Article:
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Reyes v. United States

DISTRICT OF COLUMBIA COURT OF APPEALS


August 16, 2007

ERLIS REYES & VICTOR BLANCO, APPELLANTS,
v.
UNITED STATES, APPELLEE.

Appeals from the Superior Court of the District of Columbia (F-3120-03 & F-3121-03) (Hon. Susan R. Winfield, Trial Judge).

The opinion of the court was delivered by: Washington, Chief Judge

Argued October 11, 2006

Before WASHINGTON, Chief Judge, and KRAMER and THOMPSON, Associate Judges.

Appellants Erlis Reyes and Victor Blanco ("appellants") appeal from their convictions for armed robbery, in violation of D.C. Code §§ 22-2801 & 22-4502, and unauthorized use of a vehicle ("UUV"), in violation of D.C. Code § 22-3215.*fn1 Both appellants contend on appeal that the trial court erred in permitting a police officer to testify as to statements made by the complaining witness. Appellant Erlis Reyes ("Reyes") further claims that: 1) his Sixth Amendment right to confront witnesses was violated; 2) he was denied due process, in violation of Brady;*fn2 and 3) the trial court erred in denying his motion to sever counts. Finding no error, we affirm.

I.

On the night of May 28, 2003, the complainant Joseph Coe ("complainant" or "Coe") had mechanical problems with his van, which broke down around Georgia and Sherman Avenues. After securing assistance to repair his van, Coe walked to a nearby gas station on the southwest corner of Sherman Avenue to buy a pack of cigarettes and to get change for a ten dollar bill. The gas station attendant, however, would not make change for Coe. According to Coe's testimony at trial, he then asked a "Spanish guy," who was later identified as appellant Reyes, if he had change for a ten dollar bill; Reyes said he did not. Coe noticed that Reyes was going to pump six dollars worth of gas in his car, and asked Reyes if he would give him the six dollars in exchange for Coe's ten dollar bill, and give the four dollars Reyes would receive in change back to Coe. Reyes agreed and Coe gave him the ten dollar bill.

Reyes, however, did not return the four dollars in change to Coe, but instead pumped ten dollars worth of gas into his car, which was described as a champagne-colored Honda. Coe then approached Reyes and asked him to return his four dollars. Reyes responded that he did not have the money, and instructed Coe to ask his friend sitting in the backseat of the Honda, who was later identified as appellant Victor Blanco ("Blanco"), for the change. Coe testified that when he approached the car, Reyes pushed him from behind and into the backseat of the car. According to Coe, Blanco kept him in the backseat by holding a blade to his throat while Reyes drove away from the gas station. Blanco then demanded Coe's money which Coe pulled out and handed to him.

Coe then noticed that Reyes was driving in an area without lights and began to panic because he did not know what was going to happen next. In his panic, Coe struggled to get the knife away from his neck, and in the process Coe's right index finger was cut "all the way to the bone." Reyes then stopped the vehicle in front of Cardozo High School, and went into Coe's pocket while Coe was still "tussling" with Blanco. At some point during the incident, Reyes and Blanco took Coe's wedding band, gold chain, pager, and his money. Coe testified he was holding Blanco's hand because he did not want to be stabbed in any "vital point of [his] body." Reyes and Blanco then told Coe to get out of the car. As they drove away, Coe was able to see the license plate number of the car. Coe then ran towards the Garfield Terrace Apartment Complex, located at 2301 11th Street, Northwest.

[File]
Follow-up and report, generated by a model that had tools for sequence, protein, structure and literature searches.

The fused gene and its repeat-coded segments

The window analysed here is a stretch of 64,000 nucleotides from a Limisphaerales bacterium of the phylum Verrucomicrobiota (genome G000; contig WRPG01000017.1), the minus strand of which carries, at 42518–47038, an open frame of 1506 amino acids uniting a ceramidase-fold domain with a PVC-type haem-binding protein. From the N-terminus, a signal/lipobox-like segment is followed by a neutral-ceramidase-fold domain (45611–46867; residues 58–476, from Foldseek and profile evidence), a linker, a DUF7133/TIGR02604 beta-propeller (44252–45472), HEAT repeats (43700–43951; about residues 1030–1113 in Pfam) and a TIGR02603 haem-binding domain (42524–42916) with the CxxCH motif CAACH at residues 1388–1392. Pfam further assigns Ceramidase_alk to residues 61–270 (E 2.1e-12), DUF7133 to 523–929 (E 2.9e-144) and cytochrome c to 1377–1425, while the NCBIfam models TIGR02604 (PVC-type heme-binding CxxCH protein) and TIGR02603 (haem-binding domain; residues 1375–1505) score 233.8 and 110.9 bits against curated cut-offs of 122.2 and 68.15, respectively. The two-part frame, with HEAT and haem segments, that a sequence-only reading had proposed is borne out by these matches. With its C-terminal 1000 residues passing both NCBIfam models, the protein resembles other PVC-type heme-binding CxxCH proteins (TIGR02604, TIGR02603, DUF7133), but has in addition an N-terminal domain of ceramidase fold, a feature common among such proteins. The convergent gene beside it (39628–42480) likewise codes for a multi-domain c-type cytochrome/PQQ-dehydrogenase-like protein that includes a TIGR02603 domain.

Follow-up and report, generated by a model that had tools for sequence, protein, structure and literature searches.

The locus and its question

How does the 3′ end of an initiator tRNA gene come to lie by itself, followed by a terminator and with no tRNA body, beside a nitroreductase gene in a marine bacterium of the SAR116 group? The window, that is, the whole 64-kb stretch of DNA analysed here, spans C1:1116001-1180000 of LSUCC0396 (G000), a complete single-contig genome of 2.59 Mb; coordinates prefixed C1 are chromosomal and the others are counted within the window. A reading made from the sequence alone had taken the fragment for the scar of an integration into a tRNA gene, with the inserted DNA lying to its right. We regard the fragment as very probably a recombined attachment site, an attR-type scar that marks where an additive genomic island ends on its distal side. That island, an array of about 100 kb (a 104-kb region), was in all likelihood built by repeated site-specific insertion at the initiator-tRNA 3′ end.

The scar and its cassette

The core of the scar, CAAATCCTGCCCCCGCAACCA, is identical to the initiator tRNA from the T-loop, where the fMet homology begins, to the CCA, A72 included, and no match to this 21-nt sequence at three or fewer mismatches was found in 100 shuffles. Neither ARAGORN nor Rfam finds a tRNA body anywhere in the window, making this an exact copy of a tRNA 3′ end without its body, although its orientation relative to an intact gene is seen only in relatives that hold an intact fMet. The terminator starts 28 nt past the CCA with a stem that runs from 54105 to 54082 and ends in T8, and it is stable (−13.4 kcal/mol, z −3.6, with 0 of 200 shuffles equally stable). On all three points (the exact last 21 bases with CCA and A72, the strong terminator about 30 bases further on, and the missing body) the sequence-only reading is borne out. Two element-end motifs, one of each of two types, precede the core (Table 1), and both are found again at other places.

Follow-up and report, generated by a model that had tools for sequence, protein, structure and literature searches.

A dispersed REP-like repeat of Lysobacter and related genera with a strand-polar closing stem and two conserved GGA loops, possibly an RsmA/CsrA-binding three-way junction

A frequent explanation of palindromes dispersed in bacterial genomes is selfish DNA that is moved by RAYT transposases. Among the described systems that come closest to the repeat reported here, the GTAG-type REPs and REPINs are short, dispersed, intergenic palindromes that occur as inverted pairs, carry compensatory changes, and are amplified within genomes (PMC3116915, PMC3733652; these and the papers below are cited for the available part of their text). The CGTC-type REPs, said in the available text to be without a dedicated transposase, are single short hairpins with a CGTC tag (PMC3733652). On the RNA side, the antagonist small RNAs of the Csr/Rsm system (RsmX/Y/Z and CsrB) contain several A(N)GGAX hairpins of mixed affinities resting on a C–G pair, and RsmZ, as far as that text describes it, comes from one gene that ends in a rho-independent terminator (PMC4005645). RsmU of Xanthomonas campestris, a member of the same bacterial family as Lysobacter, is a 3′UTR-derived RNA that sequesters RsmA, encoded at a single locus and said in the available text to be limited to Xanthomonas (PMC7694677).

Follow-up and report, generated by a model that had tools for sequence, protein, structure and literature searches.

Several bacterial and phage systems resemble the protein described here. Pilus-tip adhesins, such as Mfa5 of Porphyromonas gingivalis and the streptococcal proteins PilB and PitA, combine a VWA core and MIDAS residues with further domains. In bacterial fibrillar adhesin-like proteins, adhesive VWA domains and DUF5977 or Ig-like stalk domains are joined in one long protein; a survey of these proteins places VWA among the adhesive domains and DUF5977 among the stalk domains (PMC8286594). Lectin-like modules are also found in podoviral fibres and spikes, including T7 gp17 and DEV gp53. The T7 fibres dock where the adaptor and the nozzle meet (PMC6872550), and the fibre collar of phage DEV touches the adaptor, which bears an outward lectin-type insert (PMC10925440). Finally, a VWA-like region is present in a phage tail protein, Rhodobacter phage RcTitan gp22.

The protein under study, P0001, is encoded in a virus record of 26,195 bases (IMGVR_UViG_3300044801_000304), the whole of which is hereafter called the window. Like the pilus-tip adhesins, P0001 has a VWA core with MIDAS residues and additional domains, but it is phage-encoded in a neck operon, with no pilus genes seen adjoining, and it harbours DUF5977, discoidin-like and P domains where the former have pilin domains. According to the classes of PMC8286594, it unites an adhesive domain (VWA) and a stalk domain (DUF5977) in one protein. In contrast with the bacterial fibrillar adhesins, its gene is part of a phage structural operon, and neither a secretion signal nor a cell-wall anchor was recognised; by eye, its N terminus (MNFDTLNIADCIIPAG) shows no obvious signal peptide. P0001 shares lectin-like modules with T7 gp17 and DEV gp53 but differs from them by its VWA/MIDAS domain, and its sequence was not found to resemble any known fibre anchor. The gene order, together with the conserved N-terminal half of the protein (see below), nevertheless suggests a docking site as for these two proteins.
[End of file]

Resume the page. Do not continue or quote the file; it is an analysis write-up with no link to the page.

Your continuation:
Officer Bradford Brooks, of the D.C. Housing Authority Police Department, was on duty at the Garfield Terrace Apartment Complex the night of May 28, 2003. According to Officer Brooks, Coe ran through the door holding his hand, which was bleeding. Coe was also sweating, appeared highly upset and scared, and was rambling several things at once in a loud voice. Officer Brooks testified that he attempted to calm Coe down to find out what happened. According to Officer Brooks, Coe told him that he had just been robbed, kidnaped, and that somebody tried to cut his neck. Officer Brooks called for assistance to tend to Coe's bleeding hand and relayed to the radio dispatcher the description of the vehicle, the license plate number, and description of the assailants given by Coe.

Officer Christopher Dove and his partner, of the Metropolitan Police Department, were dispatched to Coe's location and arrived at the apartment complex approximately five to ten minutes after the call to the dispatcher. Officer Dove testified that when he first came into contact with Coe, he was very upset, talking rapidly, and scared. In addition, Officer Dove testified that Coe was bleeding profusely and was in significant pain. Coe then repeated the information he had given to Officer Brooks minutes earlier and also stated that the assailants had taken somewhere between $150 - $200 from him. Although Coe could not recall the denominations of bills taken from him at trial, Officer Dove testified that Coe stated the denominations included two fifty dollar bills, and some smaller bills.

Officer Dove further testified that after an Emergency Medical Technician ("EMT") had tended to Coe's hand, he and his partner took Coe to Sherman Avenue in their patrol vehicle. Although Coe was in need of further medical attention, Coe asked the officers if they would take him to his van because he could not find his keys and was worried that his assailants might also steal his vehicle. As the patrol car approached the intersection of Sherman Avenue and Harvard Street, Coe began to shout, "That's them! That's them, getting into the car!" Coe was pointing to and identifying two Hispanic males, standing in front of a champagne-colored Honda, a car that matched the description of the car driven by his assailants.